William Rodney (Dad Rod) Rosenbladt (1942-2024) died in the faith today. He is now a member of the church triumphant. We who loved him so and are left behind wait for that day when Christ returns to bring us all home, and we will see him—and all who have gone before us—again. It will be a glorious reunion, for we will then be with Christ and our Heavenly Father forever.
I met Dr. Rosenbladt (Rod) in 1995 when I began as a student at Concordia University in Irvine. As I’ve often said in talks, he was an enigma to me initially—a little man by stature but a giant in force of personality and educational impact. I took so many classes with Rod that my advisor once quipped that I was “majoring in Rosenbladt.” I considered that remark an honor.
Rod was one of those very rare breeds that managed to do for hundreds of students throughout his career, just what he did for me. My experiences are hardly unique. He inspired me to love theology, philosophy, and apologetics, but this is true for so many others as well. He taught me what true masculinity that isn’t brooding or overbearing looks like, but this is true for so many others as well. He provided me with a picture of a gracious father—a picture that completely changed the way I fathered my own children. But I know this is true for hundreds of other men as well. He helped me when I was desperate, provided for me when in need, and guided me when I was aimless. And I know that this is true of many others as well.
My goal here isn’t to selfishly reflect on all the reasons I will miss Rod because I know that if you are reading this, you may miss this man, too. Rather, I hope here to remember him along with you. To remember and honor a man who was full of flaws, a deep sinner, stubborn as the day was long, but who was also kind, generous, gracious, and loving. In short, he was a saint who was also a sinner and still saved by God’s grace alone, through God-given faith alone, on account of Christ alone.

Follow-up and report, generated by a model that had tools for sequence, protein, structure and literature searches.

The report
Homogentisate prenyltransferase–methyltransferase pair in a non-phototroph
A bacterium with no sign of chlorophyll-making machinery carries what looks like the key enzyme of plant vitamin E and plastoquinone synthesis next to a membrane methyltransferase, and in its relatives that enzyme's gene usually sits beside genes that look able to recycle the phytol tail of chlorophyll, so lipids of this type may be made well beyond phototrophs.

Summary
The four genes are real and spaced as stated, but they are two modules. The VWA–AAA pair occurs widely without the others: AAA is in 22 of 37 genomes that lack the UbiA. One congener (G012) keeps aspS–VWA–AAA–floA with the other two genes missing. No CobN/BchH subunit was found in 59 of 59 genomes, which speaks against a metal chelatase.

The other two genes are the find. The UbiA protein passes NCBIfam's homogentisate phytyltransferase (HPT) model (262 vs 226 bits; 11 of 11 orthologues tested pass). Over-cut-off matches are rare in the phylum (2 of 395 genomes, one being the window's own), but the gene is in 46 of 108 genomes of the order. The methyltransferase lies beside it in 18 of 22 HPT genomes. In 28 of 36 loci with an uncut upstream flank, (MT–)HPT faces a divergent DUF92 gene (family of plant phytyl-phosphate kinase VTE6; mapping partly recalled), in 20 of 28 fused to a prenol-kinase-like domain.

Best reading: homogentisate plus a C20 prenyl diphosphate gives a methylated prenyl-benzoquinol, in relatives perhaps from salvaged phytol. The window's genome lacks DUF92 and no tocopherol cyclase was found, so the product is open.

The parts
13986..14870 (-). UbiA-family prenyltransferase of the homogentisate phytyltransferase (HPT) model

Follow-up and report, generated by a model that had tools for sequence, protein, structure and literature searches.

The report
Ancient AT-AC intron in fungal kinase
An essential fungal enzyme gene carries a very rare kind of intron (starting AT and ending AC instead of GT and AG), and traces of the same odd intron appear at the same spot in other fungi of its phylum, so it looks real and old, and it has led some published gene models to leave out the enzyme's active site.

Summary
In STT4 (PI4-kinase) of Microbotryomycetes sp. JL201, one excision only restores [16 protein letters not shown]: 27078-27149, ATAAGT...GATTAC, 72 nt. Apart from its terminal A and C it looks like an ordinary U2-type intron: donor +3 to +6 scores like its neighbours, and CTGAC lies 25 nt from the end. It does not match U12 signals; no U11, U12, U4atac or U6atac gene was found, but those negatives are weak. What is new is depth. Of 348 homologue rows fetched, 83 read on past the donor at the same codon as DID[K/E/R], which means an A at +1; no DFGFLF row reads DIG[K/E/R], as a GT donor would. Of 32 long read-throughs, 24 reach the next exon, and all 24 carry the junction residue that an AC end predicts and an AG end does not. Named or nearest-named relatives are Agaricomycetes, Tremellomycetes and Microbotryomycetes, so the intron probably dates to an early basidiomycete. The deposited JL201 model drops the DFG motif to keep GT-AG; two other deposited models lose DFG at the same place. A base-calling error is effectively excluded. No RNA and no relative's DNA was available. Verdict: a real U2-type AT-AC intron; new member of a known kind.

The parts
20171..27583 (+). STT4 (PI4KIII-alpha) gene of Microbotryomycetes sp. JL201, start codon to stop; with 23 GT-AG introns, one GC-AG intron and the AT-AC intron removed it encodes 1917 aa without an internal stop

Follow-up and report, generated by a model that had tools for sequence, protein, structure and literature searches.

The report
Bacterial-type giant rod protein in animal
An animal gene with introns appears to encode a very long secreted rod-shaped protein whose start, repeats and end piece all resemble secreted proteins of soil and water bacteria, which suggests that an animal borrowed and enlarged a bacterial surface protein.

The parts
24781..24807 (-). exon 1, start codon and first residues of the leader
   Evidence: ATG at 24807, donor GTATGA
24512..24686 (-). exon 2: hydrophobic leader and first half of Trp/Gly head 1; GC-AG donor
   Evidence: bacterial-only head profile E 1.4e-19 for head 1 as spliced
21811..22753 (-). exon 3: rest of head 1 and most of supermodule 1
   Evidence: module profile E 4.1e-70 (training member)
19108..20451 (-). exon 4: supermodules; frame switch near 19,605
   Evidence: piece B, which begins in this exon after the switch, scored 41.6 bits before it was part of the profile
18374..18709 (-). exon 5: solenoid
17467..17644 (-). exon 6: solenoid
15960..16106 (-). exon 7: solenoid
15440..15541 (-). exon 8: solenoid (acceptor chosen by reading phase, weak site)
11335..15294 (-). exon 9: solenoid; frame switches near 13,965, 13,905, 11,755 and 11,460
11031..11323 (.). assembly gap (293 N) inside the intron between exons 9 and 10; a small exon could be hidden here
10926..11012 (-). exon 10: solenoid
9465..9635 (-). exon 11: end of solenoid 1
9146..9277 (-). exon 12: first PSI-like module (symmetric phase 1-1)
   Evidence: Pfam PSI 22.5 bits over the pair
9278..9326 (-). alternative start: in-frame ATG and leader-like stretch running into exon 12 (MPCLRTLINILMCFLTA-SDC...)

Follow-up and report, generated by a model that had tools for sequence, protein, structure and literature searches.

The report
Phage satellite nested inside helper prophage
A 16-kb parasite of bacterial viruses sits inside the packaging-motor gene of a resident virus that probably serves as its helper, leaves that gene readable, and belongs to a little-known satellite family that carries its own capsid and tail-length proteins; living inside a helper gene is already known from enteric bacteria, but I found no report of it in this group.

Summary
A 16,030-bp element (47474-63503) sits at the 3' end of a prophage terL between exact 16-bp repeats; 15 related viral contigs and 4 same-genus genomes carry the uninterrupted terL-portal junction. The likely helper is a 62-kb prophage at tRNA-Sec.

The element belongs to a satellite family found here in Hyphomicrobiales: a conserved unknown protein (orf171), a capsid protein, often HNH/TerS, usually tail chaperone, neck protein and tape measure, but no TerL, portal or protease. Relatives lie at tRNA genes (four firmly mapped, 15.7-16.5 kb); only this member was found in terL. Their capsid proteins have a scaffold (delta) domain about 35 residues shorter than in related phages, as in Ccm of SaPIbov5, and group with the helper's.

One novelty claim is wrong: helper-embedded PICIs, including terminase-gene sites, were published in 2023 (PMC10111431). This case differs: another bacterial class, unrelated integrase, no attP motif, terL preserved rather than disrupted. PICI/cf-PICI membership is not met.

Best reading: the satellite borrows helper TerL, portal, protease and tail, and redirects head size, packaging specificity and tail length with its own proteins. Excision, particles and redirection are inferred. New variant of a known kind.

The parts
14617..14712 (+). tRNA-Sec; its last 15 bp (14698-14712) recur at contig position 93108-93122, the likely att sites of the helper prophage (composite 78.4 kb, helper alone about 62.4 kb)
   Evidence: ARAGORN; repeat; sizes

I will always remember the times on the back deck when Rod would quietly watch as we all gathered around him just to be together while also (and more importantly) enjoying the true mutual consolation of the brethren. His back deck was legendary because of this. If you experienced it, you would probably give anything to relive it, for it was on his back deck that he taught many of us what a good father looks like. It was here where we learned what he later described in his popular lecture, “When Good Fathers Die, it is Always Too Soon.”
Rod considered his primary vocation to be a father to his own children. But he was also a teacher—a theology and Christian apologetics professor. And he was a great one. Whether it was in a classroom or in a public lecture, Rod’s greatest gift was communicating and defending the Gospel of Christ Jesus through his powerfully spoken words. If you appreciate what we do at 1517, it’s because so many of us were inspired to preach, teach, and defend the Gospel by Rod Rosenbladt. An even cursory glance at the list of 1517 fellows reveals many who were inspired to become pastors and professors because of Rod. And he inspired many more who are not on that list (and who wouldn’t be where they are today without his influence, encouragement, and assistance).
Above all of this, when I remember Rod, I will remember a man who was thoroughly convinced that the good news of the forgiveness of sins in Christ Jesus alone was for you, for me, and was also for him. Tears would come to his eyes when he heard or read the account of Christ’s birth in Luke chapter two because he knew that the incarnation therein described was for him. Joy would arise on his face when a good preacher proclaimed that his sins were forgiven by the work and in the name of Christ. And tears would return when he heard of the Gospel’s life-altering impact on others. When you listen to Rod’s viral lecture, “The Gospel for Those Broken by the Church,” you can hear the tears of joy as he proclaims Christ for you to his hearers.
To the family and friends of Rod Rosenbladt who might read this, know that I mourn with you. We mourn together. But remember: “We do not want you to be uninformed, brothers, about those who are asleep, that you may not grieve as others do who have no hope. For since we believe that Jesus died and rose again, even so, through Jesus, God will bring with him those who have fallen asleep” (1 Thess. 4:13-14). We will see Dad Rod again in glory. We will rejoice with him on that last day. We will live with him in glory at the feet of the lamb of God forever. We miss him now, but he fought the good fight. He finished the race. He kept the faith and, to God be the glory, he died in the same faith.
And to my great teacher, tireless mentor, and good friend who loved Narnia so much I say, “further up and further in.” I will see you soon, my friend.